¶ … Byzantine and the Islamic Empires
The decline of the Roman Empire gave birth to new political formations that had a tremendous impact upon the world at large. Out of this disintegration emerged three new political formations, such as the Eastern Roman Empire, the Byzantine Empire and the Islamic empires. These different regimes had steady economic and intellectual contact with one another and both the Byzantine and Islamic empires impacted the west and western culture.
The Byzantine Empire bore its name from the surviving eastern half of the Roman Empire and the people among it considered themselves Roman. However, Greek remained an incredibly strong influence on the Byzantine Empire as did Christianity. Christianity continued to wage a massive influence on this empire, one which was readily apparent in the artwork of the period (Cunningham & Reich, 166). Religion had a massive influence on Byzantine life as all Byzantine holidays were religious festivals, many races began with the singing of hymns and all trade contracts could be marked with the sign of the cross (Cunningham & Reich, 166). Religious questions were often burning and pondered by all parts of society, not just the educated and the elite but also by the poor. Leaders in the church in the Byzantine empire were not distant figures but were friends and protectors to whom people confidently turned for help, demonstrating that Christianity really did have a massive influence on this empire (Cunningham & Reich, 188).. Thus, Christianity wasn't the only tradition which influenced this empire, but it was a major one which had a strong influence on the oriental culture of this essentially Persian Empire.
According to the Metropolitan Museum of Art, there are both similarities and differences between Coptic Christianity, Orthodox Christianity and Syriac Christinaity. Coptic Christianity is a form of Egyptian Christianity and is different from all other forms of Christianity in that it rejects that Christ had two natures, embracing instead...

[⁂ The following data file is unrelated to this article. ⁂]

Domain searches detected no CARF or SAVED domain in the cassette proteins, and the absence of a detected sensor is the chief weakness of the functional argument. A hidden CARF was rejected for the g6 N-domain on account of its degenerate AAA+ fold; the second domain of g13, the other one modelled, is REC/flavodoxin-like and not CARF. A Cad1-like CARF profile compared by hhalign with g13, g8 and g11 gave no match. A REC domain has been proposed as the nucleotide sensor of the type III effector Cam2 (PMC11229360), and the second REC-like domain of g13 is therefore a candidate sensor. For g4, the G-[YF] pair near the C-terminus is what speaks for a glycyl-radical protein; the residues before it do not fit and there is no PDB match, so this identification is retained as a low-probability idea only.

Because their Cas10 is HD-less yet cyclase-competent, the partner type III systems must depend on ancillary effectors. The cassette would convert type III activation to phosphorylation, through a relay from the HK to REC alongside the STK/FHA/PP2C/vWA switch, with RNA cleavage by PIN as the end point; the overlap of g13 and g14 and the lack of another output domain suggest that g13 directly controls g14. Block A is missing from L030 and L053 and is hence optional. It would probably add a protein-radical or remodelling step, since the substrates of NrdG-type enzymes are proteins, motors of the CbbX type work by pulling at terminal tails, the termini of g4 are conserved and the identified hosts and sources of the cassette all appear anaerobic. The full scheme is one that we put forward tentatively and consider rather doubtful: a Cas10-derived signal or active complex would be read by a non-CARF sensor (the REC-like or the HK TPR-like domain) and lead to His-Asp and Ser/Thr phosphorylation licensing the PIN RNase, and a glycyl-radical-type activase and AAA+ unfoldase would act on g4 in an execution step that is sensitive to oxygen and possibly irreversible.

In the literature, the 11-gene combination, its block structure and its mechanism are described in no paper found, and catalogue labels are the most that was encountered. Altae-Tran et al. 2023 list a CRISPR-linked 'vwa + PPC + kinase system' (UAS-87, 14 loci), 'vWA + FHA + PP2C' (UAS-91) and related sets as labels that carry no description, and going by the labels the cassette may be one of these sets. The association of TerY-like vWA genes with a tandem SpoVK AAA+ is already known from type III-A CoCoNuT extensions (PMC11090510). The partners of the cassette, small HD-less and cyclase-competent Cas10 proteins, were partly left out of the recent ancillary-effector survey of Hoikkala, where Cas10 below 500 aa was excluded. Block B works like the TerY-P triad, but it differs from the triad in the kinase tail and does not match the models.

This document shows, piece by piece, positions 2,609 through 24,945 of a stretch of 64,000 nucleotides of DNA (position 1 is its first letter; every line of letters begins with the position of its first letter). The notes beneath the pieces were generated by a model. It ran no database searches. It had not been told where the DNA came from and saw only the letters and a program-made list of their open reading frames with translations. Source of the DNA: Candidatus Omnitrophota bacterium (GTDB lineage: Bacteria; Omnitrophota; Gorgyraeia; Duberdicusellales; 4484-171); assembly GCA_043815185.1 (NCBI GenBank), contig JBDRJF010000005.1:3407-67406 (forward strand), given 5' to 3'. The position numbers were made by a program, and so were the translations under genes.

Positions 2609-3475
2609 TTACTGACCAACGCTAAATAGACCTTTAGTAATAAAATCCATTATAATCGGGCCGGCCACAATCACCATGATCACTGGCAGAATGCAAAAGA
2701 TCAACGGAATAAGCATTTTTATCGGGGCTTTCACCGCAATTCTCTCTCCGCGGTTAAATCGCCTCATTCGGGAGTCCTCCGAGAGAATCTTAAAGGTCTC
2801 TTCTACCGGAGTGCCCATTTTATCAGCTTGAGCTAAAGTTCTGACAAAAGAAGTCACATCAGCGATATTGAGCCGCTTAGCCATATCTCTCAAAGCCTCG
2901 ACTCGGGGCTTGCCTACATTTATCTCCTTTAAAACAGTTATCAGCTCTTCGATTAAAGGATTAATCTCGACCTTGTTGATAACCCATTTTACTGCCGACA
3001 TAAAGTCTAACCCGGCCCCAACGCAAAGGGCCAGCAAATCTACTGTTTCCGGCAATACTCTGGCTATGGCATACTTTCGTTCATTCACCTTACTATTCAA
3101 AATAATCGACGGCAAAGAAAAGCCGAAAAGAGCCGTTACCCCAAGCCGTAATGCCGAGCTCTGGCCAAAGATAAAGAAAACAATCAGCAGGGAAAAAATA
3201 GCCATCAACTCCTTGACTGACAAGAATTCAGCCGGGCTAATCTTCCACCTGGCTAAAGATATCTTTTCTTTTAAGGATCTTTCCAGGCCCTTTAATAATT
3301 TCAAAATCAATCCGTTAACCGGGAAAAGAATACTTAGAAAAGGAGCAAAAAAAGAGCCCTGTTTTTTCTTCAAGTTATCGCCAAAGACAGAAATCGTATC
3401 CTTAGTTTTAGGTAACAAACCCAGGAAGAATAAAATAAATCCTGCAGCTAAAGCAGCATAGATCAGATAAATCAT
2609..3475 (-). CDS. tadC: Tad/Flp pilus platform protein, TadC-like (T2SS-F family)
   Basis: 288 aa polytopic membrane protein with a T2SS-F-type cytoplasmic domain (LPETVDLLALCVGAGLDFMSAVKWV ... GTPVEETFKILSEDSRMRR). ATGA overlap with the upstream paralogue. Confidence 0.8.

This arena of Christianity also accepted monasticism, which had an influence on both their liturgy and their visual culture.
On the other hand, Christians who identified themselves as Syriac were ones who traced their heritage back to Saint Peter. The Syriac bible is based on the Hebrew Bible, and this particular Church decided to more closely follow the teachings of Saint Cyril rather than the notion put forth by the council of Calcedon that Christ had two natures, one human and the other divine: thus, as a result, the Syriac Church became more and more autonomous from the authority of the Church of Constantinople (metmuseum.org).
While the official religion on the Byzantine Empire was Christianity, efforts to push a higher level of loyalty to the Orthodox faith was met with fierce debates: central to these debates was the issue of the "…acceptance or the rejection of the official definition of the person of Christ as having two natures -- human and divine -- as formulated at the Council of Chalcedon in 451" (metmuseum.org). All efforts to promote compromise only furthered these debates, making them more aggravated. Thus, one can see that among these various forms of Christianity, while there were some areas of overlap, there were also great differences in how the Christ figure was viewed and that this was a tremendous source of contention.